- ordering in a restaurant
- asking for the check
- purchasing a train ticket
- looking for a specific item in a store
- resolving an ATM issue in a bank (see our experience in Seville)
- starting up a conversation while waiting in a line
- making small talk at a social gathering
These kinds of language interactions are not quite as limited in scope as the others. Still, they are a great way to confront your foreign language anxiety in relative safety.
As a starter, you could preface any of these encounters by saying that you are just learning the language and that you're eager to put it into practice.
A Few Tips for Conversations
- Prepare by writing down some of the words and phrases that you'll need, be it for the task you'll undertake or the kind of conversation you're expecting.
- Memorize and practice these aloud.
- Write down questions you want ask, and phrases to help the conversion along, such as: "I didn't understand," "Can you repeat that," "What does X mean?", etc.
- Take a piece of paper with you with a list of words. It can't hurt.
- When you're in a conversation, pay attention to the filler words or sounds, "uhm", "hmm", "eh," etc. Use them, but cautiously at first. Used correctly, they can help you sound more like a native.
- Be aware of the cultural context in which you find yourself. Become alert to what is appropriate, what is not. This is often learned through conversation, by asking questions, and yes, also by making mistakes.
When speaking a foreign language, the cultural context is highly important. In her timely talk - based on her book, The Anxious Language Learner: A Saudi Woman's Story - which Taghreed Al-Saraj gave at the 3rd Polyglot Conference in New York (October 10-11, 2015), she stressed how important a role culture plays in communication and behavior.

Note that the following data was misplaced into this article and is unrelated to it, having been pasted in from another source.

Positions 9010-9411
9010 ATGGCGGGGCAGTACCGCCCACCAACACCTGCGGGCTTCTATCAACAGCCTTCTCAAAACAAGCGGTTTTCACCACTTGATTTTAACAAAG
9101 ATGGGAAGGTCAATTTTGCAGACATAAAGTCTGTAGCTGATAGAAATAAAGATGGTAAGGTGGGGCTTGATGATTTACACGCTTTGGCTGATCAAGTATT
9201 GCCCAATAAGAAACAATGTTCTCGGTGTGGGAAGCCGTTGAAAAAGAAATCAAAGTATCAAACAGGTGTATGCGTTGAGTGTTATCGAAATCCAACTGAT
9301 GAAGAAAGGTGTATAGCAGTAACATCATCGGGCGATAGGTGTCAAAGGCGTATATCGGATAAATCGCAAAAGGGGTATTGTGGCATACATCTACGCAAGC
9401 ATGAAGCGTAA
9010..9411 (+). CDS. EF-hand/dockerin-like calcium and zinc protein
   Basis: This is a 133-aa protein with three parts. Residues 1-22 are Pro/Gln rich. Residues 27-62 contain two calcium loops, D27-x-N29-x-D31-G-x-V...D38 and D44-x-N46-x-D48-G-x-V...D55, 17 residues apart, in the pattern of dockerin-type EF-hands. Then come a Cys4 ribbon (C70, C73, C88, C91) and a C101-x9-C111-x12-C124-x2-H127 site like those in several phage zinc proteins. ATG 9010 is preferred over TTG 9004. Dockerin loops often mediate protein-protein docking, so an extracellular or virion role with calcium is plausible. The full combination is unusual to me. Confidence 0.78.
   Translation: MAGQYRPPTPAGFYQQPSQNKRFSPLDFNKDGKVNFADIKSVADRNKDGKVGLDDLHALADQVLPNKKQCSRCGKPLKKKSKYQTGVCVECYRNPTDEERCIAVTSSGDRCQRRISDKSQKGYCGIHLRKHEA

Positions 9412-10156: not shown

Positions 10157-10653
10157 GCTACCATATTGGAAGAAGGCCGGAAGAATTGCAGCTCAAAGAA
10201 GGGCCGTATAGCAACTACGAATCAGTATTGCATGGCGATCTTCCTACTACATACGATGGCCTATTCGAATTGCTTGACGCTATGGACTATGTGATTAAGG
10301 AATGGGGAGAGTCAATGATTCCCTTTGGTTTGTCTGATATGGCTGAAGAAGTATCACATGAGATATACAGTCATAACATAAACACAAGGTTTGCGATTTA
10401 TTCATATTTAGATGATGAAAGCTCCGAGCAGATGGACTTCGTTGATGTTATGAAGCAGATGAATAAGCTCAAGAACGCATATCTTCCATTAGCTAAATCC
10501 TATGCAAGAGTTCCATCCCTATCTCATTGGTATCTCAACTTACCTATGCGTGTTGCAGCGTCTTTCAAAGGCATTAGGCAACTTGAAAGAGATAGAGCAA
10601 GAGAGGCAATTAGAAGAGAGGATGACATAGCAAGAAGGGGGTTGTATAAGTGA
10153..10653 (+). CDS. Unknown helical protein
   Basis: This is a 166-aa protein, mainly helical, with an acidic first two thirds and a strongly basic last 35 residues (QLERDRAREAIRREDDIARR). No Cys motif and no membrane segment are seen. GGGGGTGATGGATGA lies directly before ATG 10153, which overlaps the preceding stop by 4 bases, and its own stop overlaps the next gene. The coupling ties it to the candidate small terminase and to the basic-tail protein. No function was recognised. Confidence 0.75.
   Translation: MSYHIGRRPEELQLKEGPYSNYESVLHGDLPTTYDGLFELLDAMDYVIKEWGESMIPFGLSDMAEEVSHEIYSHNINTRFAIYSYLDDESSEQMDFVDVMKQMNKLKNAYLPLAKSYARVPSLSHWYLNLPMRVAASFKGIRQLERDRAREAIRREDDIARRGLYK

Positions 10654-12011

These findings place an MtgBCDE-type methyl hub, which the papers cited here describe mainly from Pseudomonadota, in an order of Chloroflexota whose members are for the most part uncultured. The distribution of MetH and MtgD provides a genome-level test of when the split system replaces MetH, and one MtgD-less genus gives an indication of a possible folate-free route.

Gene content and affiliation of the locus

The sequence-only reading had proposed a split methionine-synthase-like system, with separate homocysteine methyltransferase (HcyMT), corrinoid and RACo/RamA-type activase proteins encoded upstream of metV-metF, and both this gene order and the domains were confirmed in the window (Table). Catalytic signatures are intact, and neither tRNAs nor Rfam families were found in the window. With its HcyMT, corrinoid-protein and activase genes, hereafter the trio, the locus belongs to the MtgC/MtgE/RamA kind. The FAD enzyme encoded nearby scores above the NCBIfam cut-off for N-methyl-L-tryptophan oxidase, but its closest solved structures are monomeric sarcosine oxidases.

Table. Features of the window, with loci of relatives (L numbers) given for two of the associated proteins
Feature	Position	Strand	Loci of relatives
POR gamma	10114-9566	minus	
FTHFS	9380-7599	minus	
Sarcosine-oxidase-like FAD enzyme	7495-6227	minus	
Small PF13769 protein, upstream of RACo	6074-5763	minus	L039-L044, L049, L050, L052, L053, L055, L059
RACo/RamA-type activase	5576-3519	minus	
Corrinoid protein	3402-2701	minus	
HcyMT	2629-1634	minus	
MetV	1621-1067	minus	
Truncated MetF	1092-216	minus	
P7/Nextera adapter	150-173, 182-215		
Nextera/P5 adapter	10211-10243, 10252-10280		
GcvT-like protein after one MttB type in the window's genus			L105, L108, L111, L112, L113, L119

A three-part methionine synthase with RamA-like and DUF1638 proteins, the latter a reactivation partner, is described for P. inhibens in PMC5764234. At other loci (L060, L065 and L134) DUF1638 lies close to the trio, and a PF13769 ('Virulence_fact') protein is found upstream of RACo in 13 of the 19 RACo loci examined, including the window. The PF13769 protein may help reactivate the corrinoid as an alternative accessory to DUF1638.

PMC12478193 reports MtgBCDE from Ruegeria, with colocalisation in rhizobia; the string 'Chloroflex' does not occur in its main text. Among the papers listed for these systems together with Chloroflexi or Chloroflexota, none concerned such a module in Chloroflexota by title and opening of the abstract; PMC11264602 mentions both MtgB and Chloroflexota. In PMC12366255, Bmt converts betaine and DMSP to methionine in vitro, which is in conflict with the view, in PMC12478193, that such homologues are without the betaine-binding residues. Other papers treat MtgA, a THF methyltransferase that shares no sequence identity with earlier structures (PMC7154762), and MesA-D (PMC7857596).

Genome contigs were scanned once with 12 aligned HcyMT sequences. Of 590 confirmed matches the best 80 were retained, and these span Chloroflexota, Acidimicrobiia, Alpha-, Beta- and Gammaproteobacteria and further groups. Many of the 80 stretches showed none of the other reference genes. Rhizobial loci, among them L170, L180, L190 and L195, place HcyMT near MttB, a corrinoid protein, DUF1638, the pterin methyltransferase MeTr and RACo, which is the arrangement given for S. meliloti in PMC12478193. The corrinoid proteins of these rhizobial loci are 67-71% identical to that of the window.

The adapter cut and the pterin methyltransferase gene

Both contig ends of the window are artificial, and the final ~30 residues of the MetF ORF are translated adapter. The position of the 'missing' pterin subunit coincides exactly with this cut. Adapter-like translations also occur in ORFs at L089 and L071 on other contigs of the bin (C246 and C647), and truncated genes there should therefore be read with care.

It also means that the person learning a language is adopting "a new identity ... (and) is learning a new way of doing things. ... What's normal in one culture differs from what's normal in another culture."
Should you indeed say something silly or make a cultural faux pas - you'll probably know this from the other person's immediate, verbal and/or non-verbal responses. When it happens, it's best to learn how to laugh at yourself, say you're truly sorry, and chalk it up to language-learning experience.
Just remember, a little specific preparation can make it easier to speak up in the foreign language you're learning. It's been proven that practice reduces anxiety. Then, when you are involved in a conversation, know in your mind that it's okay to make mistakes and to feel somewhat uncomfortable. With time and practice, you'll gradually learn to deal with your fears.
Bio: Ulrike Rettig is the co-founder of Gamesforlanguage.com. She is a lifelong language learner, growing up in Austria, the Netherlands, and Canada. You can follow her on Facebook, Twitter and Instagram, and leave any comments with contact.